ablasio retina

Retinal Detachment

Failure to diagnose retinal detachment is the second most common cause of large liability claims involving optometrists.

. or if a reasonable optometrist would suspect that the symptoms indicate the risk of a retinal detachment.If a patient presents with symptoms indicative of retinal detachment. a dilated fundus examination must be performed.

About 4 months later she suddenly began seeing light flashes in the eye. and a retinal exam revealed detachment affecting the macula.An elderly woman who had been the longterm patient of an optometrist complained of suddenly seeing a “spot” in the field of vision of one eye. . He told the patient she had a PVD and described the symptoms of retinal detachment. The optometrist found acuity in the eye to be 20/20 and observed no pathology when examining the posterior pole through an undilated pupil.

For asymptomatic patients who are at risk for retinal detachment. a dilated fundus examination should be performed at the first examination and periodically thereafter. Common risk factors include: • history of past retinal detachment • myopia (-6 diopters or more) • open-angle glaucoma in myopic patients treated with strong miotic agents • aphakia or pseudophakia (especially the 6 months following cataract surgery). and capsulotomy (especially the 6 months following the laser procedure) • lattice degeneration • blunt ocular trauma (especially the year following the trauma) • proliferative retinopathies (e. proliferative stage of diabetes.g. branch retinal vein occlusion) • retinal detachment in fellow eye .. sickle cell.

Demarcation lines (below) indicate there is slowly progressive detachment . there may be a significant risk of detachment in the fellow eye.History of previous detachment—if the detachment is from a non-traumatic cause.

. 5% risk). stretched retina of high myopic eyes is at risk for tears (greater than 5 diopters 2% risk. greater than 10 diopters.High myopia—the thin.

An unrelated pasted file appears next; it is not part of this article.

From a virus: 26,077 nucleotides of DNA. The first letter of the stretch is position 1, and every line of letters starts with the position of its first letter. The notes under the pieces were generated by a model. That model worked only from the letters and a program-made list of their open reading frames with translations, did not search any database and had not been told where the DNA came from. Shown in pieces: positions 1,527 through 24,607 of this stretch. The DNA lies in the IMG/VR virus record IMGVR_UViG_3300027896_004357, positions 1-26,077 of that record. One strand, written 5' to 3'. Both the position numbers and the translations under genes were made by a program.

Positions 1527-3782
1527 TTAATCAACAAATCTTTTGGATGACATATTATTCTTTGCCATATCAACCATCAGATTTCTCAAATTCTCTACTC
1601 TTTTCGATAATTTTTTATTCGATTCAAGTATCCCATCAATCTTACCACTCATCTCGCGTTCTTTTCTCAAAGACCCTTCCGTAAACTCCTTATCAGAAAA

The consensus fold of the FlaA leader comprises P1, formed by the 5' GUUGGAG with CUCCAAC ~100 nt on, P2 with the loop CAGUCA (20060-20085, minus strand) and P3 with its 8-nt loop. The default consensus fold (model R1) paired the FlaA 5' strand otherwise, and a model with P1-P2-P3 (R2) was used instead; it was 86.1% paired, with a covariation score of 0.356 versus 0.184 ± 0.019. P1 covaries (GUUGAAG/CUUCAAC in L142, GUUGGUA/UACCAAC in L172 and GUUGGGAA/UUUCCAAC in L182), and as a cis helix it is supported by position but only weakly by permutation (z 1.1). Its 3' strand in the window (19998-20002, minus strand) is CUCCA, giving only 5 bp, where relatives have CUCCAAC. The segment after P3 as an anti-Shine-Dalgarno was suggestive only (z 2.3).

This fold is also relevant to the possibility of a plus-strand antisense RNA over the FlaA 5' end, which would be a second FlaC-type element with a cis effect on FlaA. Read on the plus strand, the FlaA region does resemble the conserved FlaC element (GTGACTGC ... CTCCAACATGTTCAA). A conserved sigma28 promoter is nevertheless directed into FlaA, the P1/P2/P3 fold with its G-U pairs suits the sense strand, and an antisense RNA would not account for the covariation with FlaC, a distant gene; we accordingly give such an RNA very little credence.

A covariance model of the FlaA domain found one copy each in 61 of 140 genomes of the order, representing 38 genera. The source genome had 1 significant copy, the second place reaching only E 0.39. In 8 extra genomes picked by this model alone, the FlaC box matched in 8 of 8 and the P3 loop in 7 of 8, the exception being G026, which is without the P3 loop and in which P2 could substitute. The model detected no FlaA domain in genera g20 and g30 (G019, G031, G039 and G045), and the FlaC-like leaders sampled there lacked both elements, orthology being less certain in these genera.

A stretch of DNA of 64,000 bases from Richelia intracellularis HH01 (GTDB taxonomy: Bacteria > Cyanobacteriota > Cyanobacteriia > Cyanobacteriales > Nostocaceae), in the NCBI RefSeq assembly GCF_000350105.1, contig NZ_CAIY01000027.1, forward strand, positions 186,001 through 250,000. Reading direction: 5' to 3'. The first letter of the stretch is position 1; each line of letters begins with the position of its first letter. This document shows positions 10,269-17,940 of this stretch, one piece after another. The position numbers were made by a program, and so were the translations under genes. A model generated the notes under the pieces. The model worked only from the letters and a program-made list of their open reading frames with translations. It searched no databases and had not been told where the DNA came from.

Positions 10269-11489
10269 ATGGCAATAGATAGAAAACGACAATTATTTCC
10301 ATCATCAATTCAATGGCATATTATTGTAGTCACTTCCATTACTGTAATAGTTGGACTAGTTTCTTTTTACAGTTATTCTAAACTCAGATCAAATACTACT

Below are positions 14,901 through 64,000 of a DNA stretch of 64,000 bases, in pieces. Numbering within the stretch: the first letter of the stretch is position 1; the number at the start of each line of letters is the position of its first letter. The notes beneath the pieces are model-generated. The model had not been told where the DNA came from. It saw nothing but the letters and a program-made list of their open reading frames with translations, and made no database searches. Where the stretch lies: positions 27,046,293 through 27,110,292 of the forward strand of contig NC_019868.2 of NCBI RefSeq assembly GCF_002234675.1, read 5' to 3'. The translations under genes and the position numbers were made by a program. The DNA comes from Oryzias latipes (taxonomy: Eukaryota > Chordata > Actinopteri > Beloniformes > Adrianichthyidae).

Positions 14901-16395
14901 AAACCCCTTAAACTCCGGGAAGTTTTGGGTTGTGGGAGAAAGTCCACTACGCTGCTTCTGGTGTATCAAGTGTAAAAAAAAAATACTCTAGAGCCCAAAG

which had been present for more than the 2 weeks. .A severely myopic man (-18 D) complained of seeing numerous small spots and specks in one eye. which the optometrist attributed to refractive amblyopia. About 2 weeks after the exam acuity in the eye was reduced to hand motion. Evaluation revealed a retinal detachment. Fundus exam was through an undilated pupil and was unremarkable. A retinal tear was also found in the fellow eye (-7 D). Best acuity was 20/400. No information was provided concerning the symptoms of retinal detachment or the need for a follow-up examination.

. YAG capsulotomy also creates up to a 3% risk of detachment. depending on the technique used. The 6 months following surgery is when the eye is most at risk.Pseudophakia—cataract surgery results in detachment in up to 2% of cases.

Lattice degeneration—is thinning of the retina with liquified vitreous above the retina and adhesion to the retina at the lattice margins. which can result in detachment if there are holes at the lattice margins or a tear caused by posterior vitreous detachment. .

.Open-angle glaucoma treated with strong miotics—high drug concentrations (6% pilocarpine) may cause intense miosis that leads to retinal stretching in high myopic eyes and a resultant tear.